File photo: The United Nations Security Council at U.N. Headquarters, December 21, 2016 in New York City (Photo: AFP)
Egypt's foreign affairs ministry said in a Saturday statement that the country withdrew a UN Security Council resolution on illegal Israeli settlements on Palestinian territory because it was not sure that it had a chance at passing.
On Friday, the resolution, which stipulates that the establishment of Israeli settlements in Palestinian territory occupied since 1967 has “no legal validity,” was reintroduced by Malaysia, New Zealand, Senegal and Venezuela and put into vote.
The 15-member council adopted the resolution by a vote of 14 in favour with one abstention – the United States.
"Egypt wanted more time to make sure that no country would use its veto power to block the resolution, especially after US president elect [Donald Trump] called on the current US administration to veto the resolution," the statement read.
On Friday, Egypt's foreign affairs ministry Spokesman Ahmed Abu-Zeid told Dream TV that "Egypt did not realise that the consultations reached [by the UN's member states] were enough to pass the resolution."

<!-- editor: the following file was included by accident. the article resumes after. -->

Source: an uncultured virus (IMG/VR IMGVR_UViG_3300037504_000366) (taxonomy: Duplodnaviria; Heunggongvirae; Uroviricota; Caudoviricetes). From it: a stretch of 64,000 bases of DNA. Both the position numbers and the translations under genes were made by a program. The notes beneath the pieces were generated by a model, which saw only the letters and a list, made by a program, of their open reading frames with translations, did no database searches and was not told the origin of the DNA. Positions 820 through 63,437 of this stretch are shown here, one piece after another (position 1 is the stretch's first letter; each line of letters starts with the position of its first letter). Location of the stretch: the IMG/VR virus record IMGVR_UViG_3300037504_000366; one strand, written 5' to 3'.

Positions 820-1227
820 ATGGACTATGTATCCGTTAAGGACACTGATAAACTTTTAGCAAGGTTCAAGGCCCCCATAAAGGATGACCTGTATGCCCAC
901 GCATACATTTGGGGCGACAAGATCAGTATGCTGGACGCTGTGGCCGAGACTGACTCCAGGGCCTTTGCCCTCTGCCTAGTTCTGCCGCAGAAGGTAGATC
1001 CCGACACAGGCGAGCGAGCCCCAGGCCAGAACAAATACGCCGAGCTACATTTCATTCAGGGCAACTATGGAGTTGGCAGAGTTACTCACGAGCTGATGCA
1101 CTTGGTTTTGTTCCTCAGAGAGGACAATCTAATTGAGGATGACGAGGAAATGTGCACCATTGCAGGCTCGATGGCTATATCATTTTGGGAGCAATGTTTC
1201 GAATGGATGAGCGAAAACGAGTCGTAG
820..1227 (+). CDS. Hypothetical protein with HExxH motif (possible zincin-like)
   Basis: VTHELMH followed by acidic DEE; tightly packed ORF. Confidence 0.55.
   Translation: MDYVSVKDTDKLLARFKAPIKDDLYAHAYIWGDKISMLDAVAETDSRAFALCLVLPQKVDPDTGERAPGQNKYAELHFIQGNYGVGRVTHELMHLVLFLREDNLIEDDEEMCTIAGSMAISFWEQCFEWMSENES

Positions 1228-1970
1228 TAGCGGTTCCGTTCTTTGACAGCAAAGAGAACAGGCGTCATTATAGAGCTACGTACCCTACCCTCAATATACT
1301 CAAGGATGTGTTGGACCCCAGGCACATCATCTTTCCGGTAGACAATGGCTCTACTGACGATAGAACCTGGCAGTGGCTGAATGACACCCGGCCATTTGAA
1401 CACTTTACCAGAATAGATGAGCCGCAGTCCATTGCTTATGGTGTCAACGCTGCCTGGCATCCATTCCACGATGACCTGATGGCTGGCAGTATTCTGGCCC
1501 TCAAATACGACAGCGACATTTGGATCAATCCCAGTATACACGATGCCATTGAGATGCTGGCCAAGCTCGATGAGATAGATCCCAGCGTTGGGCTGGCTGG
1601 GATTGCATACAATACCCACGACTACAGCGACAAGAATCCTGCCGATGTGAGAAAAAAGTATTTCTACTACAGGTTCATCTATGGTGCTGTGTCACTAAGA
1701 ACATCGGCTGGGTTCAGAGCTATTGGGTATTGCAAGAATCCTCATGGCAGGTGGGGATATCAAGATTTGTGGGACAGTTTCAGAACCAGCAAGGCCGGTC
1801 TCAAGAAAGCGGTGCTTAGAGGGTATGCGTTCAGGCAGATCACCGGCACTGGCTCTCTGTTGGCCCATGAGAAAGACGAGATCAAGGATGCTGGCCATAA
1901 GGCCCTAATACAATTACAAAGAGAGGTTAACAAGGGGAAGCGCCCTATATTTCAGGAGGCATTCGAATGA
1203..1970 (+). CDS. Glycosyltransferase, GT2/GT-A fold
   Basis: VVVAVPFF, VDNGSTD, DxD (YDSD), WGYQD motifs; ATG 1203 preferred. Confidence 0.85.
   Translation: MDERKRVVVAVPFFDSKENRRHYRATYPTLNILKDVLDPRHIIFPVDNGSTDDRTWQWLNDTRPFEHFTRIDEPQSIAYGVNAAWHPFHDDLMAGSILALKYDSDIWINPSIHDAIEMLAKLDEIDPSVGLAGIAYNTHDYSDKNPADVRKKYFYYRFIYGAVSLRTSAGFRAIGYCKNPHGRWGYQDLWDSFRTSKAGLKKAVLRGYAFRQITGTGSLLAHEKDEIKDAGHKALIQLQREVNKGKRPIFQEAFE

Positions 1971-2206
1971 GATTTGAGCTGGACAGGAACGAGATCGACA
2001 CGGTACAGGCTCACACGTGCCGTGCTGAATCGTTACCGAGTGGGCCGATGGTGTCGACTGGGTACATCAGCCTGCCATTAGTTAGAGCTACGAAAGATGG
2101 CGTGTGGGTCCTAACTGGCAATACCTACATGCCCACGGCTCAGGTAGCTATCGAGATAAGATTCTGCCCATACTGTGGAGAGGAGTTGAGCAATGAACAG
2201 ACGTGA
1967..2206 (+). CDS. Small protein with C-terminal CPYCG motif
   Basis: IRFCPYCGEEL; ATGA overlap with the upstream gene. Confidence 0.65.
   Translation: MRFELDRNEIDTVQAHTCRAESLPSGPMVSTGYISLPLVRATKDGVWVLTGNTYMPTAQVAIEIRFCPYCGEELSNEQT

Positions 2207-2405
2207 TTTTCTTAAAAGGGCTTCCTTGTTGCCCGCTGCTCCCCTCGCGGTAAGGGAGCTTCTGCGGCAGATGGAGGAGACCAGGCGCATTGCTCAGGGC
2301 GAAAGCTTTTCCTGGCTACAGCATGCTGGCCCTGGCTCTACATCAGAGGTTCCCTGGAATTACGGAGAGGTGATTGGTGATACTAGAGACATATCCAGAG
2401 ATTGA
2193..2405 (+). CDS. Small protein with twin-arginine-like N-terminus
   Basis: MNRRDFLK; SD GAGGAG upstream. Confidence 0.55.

He affirmed that Egypt is a main partner with the international community in dealing with the Palestinian cause, which is not limited to settlements, but also includes other issues such as borders and refugees.
The spokesman added that when Egypt realised that the US's next administration wanted to work with Egypt on resolving the issue, it had to carefully weigh everything.
"Perhaps putting forward the resolution could have been, in one way or another, an obstacle to Egypt in its main role [of championing the Palestinian cause,]" Abu-Zeid stated.
Chief Palestinian negotiator Saeb Erekat told Reuters on Friday that "this is a day of victory for international law, a victory for civilized language and negotiation and a total rejection of extremist forces in Israel."
"The international community has told the people of Israel that the way to security and peace is not going to be done through occupation ... but rather through peace, ending the occupation and establishing a Palestinian state to live side by side with the state of Israel on the 1967 line," Erekat said.